Rock and Mineral Crowd Gains Year-Round Gem Show on Eastside
May 29, 2016 07:06PM
By Marcia Detwiler Scupin
Little Linus Keating got a strong impression of his future when he and his dad panned for gold in the Mojave Desert when he was only 5 years old. “By the time I was 10, I knew I wanted to be a geologist,” Dr. Linus Keating explains. “I love rocks, and I’ve handled more of them than most people have.”
Arizona Lapidary & Gem Rough, Inc., a veritable year-round gem showcase located in a light purple, 40-year-old building just east of Kolb Road on Broadway Boulevard, is what grew out the proprietor’s love of rocks and a strong, ongoing career as a geologist. He gutted the former flower business building and brought it up to code with a complete remodel—a huge undertaking that speaks for itself upon walking through the door. “Moving here [from a smaller location at Pima Street and Swan Road] was a function of necessity,” says Keating, “and it also was my homage to the natural world—the stones and the crystals.”
“For a city with internationally known gem shows, there are not many mineral shops in Tucson,” he says. “So my wife Lesli and I wanted to build on that and use an iconic building to meet the needs people have for stones.” Hobbyists, such as small jewelry-makers, account for about 25 percent of Arizona Lapidary’s sales, but interior design is a growing emphasis. As for price points, Keating places his store in the moderate category, adding that he aims for lower costs and higher distribution of goods. “The stone you receive for the money you pay is very good value.”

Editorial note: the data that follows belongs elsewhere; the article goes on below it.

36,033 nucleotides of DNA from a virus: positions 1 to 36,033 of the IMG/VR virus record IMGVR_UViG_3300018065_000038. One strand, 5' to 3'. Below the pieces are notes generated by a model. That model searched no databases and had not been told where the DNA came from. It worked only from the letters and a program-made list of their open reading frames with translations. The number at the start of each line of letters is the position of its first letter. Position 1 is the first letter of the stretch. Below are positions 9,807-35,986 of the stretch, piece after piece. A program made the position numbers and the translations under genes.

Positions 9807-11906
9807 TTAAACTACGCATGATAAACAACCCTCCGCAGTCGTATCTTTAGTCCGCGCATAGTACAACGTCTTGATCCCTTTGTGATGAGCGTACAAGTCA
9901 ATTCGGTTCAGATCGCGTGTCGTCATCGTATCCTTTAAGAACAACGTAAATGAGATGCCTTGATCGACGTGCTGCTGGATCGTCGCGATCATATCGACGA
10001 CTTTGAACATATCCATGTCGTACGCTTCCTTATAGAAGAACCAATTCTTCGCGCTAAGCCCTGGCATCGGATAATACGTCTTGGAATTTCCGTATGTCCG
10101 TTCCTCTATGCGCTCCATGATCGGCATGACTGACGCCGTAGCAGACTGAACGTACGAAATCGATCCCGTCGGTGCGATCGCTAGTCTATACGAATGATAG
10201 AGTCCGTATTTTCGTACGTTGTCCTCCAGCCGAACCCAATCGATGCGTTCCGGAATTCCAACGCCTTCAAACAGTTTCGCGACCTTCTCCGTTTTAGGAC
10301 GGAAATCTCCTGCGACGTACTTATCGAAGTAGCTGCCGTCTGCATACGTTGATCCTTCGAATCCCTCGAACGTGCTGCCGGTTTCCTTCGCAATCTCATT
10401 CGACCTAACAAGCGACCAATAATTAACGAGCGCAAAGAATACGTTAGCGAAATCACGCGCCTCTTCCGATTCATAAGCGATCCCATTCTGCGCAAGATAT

“We want to express the feeling that you are welcome here and we encourage interaction—à la Bookman’s. We encourage local artists, and they love that they can share with us their experiences with the stones, and discuss their methods and ideas here. People say they love the place,” he smiles. With its large, overstuffed chairs, track lighting and an airy, open feeling, it’s not hard to visualize a lively show-and-tell session among lapidary guys.
From a $5 palm stone to a $20,000 piece of art, there truly is something for everyone—and every resort or hotel—at this beautifully appointed showcase. On proud display are handpicked, polished minerals from Morenci and many other mines; handmade custom jewelry; slab art; gorgeous geodes and other specimens; crystal creations; and top-of-the-line gemscapes by local artist John “Zee” Haag.
These gemscapes are large-scale mosaic artworks built from a multitude of gorgeous colored stones mounted on polished steel representing flowers, animals and various scenes from the natural world. Some are backlit to enhance the gems’ rainbow of colors. The public is encouraged not to be intimidated by the price tags, but to visit Arizona Lapidary & Gem Rough as they would a gallery. As Keating says, “There’s an artisanal story here.”